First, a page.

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The Wrack

The Wrack is the Wells Reserve blog, our collective logbook on the web.

Consternation Over Canines

Posted by | June 4, 2015 | Filed under: Culture

Sign post stating 'No dogs allowed at any time

The reserve has a no-pets policy. It may be our least popular restriction. From Rules for Public Use of Wells Reserve [updated 2019]:

(G)(3) Pets: With the exception of service animals, domestic pets are prohibited from the Wells Reserve.

By and large, visitors respect this rule. Occasionally, we see a wandering cat, a "lost" bunny, or a loose or leashed dog on the property, but after a couple of decades living with the ban almost everybody leaves their pet at home when they come to enjoy nature at the reserve.

The commonest breach — and potentially the most consequential — is the owner who frees a dog on Laudholm Beach. It happened just this morning and didn't go unnoticed.

A biologist surveying piping plovers and least terns at Crescent Surf Beach, just across the Little River from Laudholm Beach, spotted two dogs on the run and tried without success to get their owner's attention from across the river. The roaming dogs were in the vicinity of an active plover nest and, intentionally or not, could have destroyed the eggs.

The young plover killed by a loose dog on Scarborough Beach in 2013 was a reminder of how quickly such an unfortunate event can occur.

Wildlife protection, particularly for endangered species, should be enough reason to follow the rules here at the reserve, but the "Please — No Pets" policy has supporters among the many who value the absence of domestic animals when they're walking the trails. Here are a couple of recent examples of the kind of praise our rule inspires:

Handwritten note beginning 'Many huge thanks for continuing to keep the reserve dog-free!Handwritten note beginning 'One of the best things about the Wells Reserve is the 'no pets' rule.

At its core, rule (G)(3) simply reflects a management philosophy going back to the creation of the Wells Reserve and, a few years later, its Management Authority. With emphasis added, here is an excerpt from Appendix D of the 20132018 management plan, "Rules for Public Use of Wells Reserve: Summary":

The Wells National Estuarine Research Reserve was established under 15 Code of Federal Regulations, Part 921. It is maintained to provide a natural field laboratory, which includes the protection of natural resources for short and long-term research, monitoring, and education. The Wells National Estuarine Research Reserve is also maintained to protect fish, wildlife, and plant communities. Multiple uses including low intensity recreational uses are allowed to the extent that they do not conflict with the operation of the Reserve for research, education, and natural resource protection.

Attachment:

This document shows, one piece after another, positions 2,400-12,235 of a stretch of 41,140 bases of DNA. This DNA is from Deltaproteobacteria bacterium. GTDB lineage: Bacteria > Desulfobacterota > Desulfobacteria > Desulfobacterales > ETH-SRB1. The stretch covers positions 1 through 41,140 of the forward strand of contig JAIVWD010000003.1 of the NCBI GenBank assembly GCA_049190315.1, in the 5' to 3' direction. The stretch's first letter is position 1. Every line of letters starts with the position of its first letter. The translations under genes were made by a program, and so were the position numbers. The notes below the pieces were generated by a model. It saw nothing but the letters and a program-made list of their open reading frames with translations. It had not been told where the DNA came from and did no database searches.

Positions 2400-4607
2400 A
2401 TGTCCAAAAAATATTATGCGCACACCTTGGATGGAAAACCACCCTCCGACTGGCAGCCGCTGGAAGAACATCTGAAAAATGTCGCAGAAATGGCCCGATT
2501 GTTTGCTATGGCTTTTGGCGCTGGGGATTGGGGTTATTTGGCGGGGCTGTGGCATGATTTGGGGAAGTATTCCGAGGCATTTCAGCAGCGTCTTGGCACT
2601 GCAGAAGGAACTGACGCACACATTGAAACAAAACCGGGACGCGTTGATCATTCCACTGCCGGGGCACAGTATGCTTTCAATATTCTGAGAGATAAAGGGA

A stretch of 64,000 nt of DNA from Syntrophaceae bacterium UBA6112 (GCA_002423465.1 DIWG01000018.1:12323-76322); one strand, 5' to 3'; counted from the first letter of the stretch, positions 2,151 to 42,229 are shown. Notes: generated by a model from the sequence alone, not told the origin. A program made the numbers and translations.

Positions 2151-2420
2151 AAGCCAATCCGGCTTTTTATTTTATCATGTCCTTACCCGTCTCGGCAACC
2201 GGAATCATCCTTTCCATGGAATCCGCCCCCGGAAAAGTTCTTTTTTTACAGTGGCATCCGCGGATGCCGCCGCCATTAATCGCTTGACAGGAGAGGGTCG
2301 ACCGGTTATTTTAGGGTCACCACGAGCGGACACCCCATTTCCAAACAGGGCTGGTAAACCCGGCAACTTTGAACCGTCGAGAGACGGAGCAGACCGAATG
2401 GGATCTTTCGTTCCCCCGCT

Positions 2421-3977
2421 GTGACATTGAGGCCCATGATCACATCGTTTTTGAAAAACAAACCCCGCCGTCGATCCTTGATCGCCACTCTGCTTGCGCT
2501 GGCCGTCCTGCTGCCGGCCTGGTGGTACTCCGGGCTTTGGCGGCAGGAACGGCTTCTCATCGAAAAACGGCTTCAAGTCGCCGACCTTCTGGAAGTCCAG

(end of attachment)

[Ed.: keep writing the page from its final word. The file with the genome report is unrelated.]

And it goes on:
The Wells National Estuarine Research Reserve Management Authority (the Authority) was established by the State legislature through passage of Private and Special Law #108 in 1990. The legislation was amended by Private and Special Law #777 in 2003. The purpose of the Authority is to manage and sustain the coastal lands and other resources within the reserve; further coordination and cooperation among state agencies, the Town of Wells and the United States Fish and Wildlife Service, and the Laudholm Trust; develop and implement programs for estuarine research and education and provide public access and opportunities for public enjoyment compatible with the protection of the reserves natural resources. The Authority, in compliance with the Reserves Management Plan, is responsible for management of the Reserve lands for which the Authority holds a license, lease or other interest or lands that are under agreement with a cooperating agency. The Authority has overall jurisdiction over the establishment and coordination of research, education, and resource management policies for the Reserve. A violation of the rules of the Reserve is a Class E crime. Reserve regulations are superseded by US Fish and Wildlife Service regulations on the property of the US Fish and Wildlife Services Rachel Carson National Wildlife Refuge.

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